Implementing a new Disaster Recovery Plan (DRP) is a large and complex task for any IT organisation. To gain maximum value from the process representatives from all parts of the organisation must be involved in each phases of the process. This is also mandatory for regulatory compliance.
Beyond Technology Consulting business consultants have significant Disaster Recovery Planning (DRP) and Business Continuity Planning (BCP) experience across many industries and an excellent understanding of the technical implications of each relevant decision. Using an external partner to assist your organisation with its DR planning has clear advantages. But facilitating the approach is only part of the value that an external partner can bring. We recommend that consideration should be given to the partner’s ability to understand the infrastructure consequences of each available solution.
We believe that an approach that augments your own internal staff with external business consultants with significant DRP experience. This “blended team” approach is often the most cost effective way forward. It provides your team with access to the required experience and knowledge, and leadership to ensure that appropriate outcomes are achieved. With greater confidence in the quality of the outcome, the internal team can then take ownership of the process and facilitate broader acceptance and buy-in of the ongoing management of the DRP.
Reducing Business Risk
The risk exposure presented by technology is often not factored into the company’s risk planning and in many cases inappropriate technology, deployed initially for a simple application, has been leveraged to provide business critical functions without first considering the wider risk implications.
It is no longer sufficient to only associate Technology risk with I.T. systems failure. Technology Risk appears in many different forms, each having potentially critical impacts on the business. Additional to systems failure, other areas of Technology risk include: Operational sustainability, staff risk (how to accumulate and disseminate knowledge), customer satisfaction risk, security risk, data loss, service level failure and external disaster events
The aim of any Disaster Recovery Plan is to eliminate or reduce the risk of a technology causing a business ending event. Not only are IT executives being held accountable for the safe custody of critical business data, but also the ongoing operational capability of the organisations technology and communications systems.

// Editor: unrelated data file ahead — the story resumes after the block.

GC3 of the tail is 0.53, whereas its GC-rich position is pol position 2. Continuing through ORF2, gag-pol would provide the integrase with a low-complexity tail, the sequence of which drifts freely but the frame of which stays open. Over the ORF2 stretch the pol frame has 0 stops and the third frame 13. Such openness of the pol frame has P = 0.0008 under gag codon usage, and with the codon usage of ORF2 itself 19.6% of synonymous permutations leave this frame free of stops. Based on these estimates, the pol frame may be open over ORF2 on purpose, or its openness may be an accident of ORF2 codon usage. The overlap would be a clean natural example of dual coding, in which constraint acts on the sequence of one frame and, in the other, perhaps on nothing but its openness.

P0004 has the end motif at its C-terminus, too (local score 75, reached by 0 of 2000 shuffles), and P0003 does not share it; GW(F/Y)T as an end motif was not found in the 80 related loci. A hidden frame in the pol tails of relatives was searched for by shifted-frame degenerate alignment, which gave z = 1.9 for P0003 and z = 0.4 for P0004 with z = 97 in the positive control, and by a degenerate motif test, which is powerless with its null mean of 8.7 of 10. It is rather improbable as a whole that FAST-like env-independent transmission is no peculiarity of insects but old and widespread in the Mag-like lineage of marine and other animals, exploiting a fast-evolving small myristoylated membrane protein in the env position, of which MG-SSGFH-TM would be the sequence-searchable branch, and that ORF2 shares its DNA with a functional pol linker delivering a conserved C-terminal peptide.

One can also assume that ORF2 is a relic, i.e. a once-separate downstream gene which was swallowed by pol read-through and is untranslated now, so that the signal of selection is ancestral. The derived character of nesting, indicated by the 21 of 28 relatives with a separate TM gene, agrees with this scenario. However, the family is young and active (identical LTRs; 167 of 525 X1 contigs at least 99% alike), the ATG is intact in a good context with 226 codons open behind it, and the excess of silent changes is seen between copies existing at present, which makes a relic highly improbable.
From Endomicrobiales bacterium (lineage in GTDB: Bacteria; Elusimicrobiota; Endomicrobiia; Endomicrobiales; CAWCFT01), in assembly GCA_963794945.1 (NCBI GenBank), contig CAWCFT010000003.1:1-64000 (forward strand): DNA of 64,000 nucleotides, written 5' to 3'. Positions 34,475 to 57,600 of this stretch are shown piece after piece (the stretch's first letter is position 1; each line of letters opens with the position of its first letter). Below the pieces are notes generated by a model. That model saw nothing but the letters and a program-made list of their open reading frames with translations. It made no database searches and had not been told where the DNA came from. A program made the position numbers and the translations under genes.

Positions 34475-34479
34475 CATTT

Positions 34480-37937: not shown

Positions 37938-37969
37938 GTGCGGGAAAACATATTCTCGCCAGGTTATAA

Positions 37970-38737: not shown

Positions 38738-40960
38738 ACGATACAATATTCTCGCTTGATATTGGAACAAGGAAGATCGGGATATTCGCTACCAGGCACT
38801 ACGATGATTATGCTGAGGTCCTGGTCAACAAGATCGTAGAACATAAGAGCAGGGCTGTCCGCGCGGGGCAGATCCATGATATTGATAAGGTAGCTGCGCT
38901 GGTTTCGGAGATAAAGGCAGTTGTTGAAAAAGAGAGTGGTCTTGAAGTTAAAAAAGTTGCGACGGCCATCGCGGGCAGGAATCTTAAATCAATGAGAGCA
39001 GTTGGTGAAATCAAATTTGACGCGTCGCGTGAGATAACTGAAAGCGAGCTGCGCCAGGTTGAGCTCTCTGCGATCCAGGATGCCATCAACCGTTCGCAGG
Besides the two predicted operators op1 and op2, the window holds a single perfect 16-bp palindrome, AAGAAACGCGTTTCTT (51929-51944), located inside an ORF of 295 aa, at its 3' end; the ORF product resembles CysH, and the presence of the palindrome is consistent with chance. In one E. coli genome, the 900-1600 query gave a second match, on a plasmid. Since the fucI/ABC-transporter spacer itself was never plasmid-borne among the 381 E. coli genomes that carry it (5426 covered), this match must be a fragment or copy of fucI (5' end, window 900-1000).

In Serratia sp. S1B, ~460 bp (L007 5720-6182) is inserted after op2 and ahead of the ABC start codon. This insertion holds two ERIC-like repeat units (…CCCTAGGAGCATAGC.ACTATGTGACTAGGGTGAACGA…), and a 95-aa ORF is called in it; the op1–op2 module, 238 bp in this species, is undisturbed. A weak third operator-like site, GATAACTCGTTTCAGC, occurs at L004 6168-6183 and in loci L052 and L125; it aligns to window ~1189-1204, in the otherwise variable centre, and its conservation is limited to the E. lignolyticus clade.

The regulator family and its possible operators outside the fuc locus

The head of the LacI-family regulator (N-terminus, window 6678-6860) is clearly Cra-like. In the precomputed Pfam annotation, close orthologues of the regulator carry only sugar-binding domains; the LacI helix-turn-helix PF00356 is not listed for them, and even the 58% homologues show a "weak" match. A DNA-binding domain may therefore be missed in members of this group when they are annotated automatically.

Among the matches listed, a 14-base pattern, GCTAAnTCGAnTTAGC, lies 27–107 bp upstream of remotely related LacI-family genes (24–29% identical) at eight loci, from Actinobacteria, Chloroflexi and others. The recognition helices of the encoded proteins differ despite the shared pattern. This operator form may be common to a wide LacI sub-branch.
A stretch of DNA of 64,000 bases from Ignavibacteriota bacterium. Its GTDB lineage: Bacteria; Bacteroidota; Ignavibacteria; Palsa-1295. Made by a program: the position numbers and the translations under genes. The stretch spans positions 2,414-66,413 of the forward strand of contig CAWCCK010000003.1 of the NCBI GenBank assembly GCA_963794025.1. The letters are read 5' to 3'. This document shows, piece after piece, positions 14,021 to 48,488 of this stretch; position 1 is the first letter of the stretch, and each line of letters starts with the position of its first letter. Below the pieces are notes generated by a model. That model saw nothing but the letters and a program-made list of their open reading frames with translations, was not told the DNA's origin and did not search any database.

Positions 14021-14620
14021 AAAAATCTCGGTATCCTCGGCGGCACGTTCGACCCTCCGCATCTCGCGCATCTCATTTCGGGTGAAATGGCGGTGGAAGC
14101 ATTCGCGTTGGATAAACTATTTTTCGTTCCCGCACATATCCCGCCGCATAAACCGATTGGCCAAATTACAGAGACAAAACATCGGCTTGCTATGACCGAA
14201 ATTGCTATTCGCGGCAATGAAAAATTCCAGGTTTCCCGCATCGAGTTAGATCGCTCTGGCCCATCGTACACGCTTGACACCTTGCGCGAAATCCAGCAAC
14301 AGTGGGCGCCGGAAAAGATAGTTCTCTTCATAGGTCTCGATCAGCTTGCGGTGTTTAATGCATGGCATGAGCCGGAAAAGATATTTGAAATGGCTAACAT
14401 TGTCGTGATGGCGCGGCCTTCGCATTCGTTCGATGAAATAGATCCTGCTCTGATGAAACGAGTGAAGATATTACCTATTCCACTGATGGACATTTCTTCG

It is clearly the responsibility of IT management to ensure that the organisations executive team is well aware of both the risk and the impact of failures of IT systems and the increasing reliance of the business on them.
In most cases the risk of significant business impacting events can be largely mitigated through diligent technology management. Given recent statistics have shown that “after a major data loss, 43% of businesses won’t reopen, 51% will close within two years and only 6% survive long-term”, CIO’s are increasing being held accountable for negligence in this area.
New Technology Impacts
Advances in systems and infrastructure resilience is often touted by technology vendors as the risk reduction solution to organisations recoverability problems, however the operational and cost impacts of these improvements are not always obvious. A thorough understanding of the impacts and achievable advantages of these needs to form part of any DR planning imitative.
Unlike many other parts of the business, IT management is rarely in a budget position to be able to expend money on initiatives without appropriate business justification. The development of business cases for DR initiatives can often be hamstrung by lack of formal planning and risk assessments. We recommend that organisations undertake an initial Disaster Recovery “First Pass” that aims to assess the organisations existing capabilities, understand the business requirements and risk profiles and then provide a mitigation strategy that includes prioritised “Actionable Advice” to improve your Disaster Recovery Capabilities and reduce the business risk. The format of the report facilitates the development of appropriate business case and business justifications.
Disaster Recovery Framework
Beyond Technology bases its methodology on Australian and International standards and guidelines. These include:
- AS/NZS 4360:1999 Risk Management
- AS/NZS ISO/IEC 17799:2001, Information Technology – Code of Practice for Information Security Management. Section 11 Business Continuity management.
- Business Continuity Institute, United Kingdom – Business Continuity Good Practice Guidelines.
- IT Infrastructure Library (ITIL)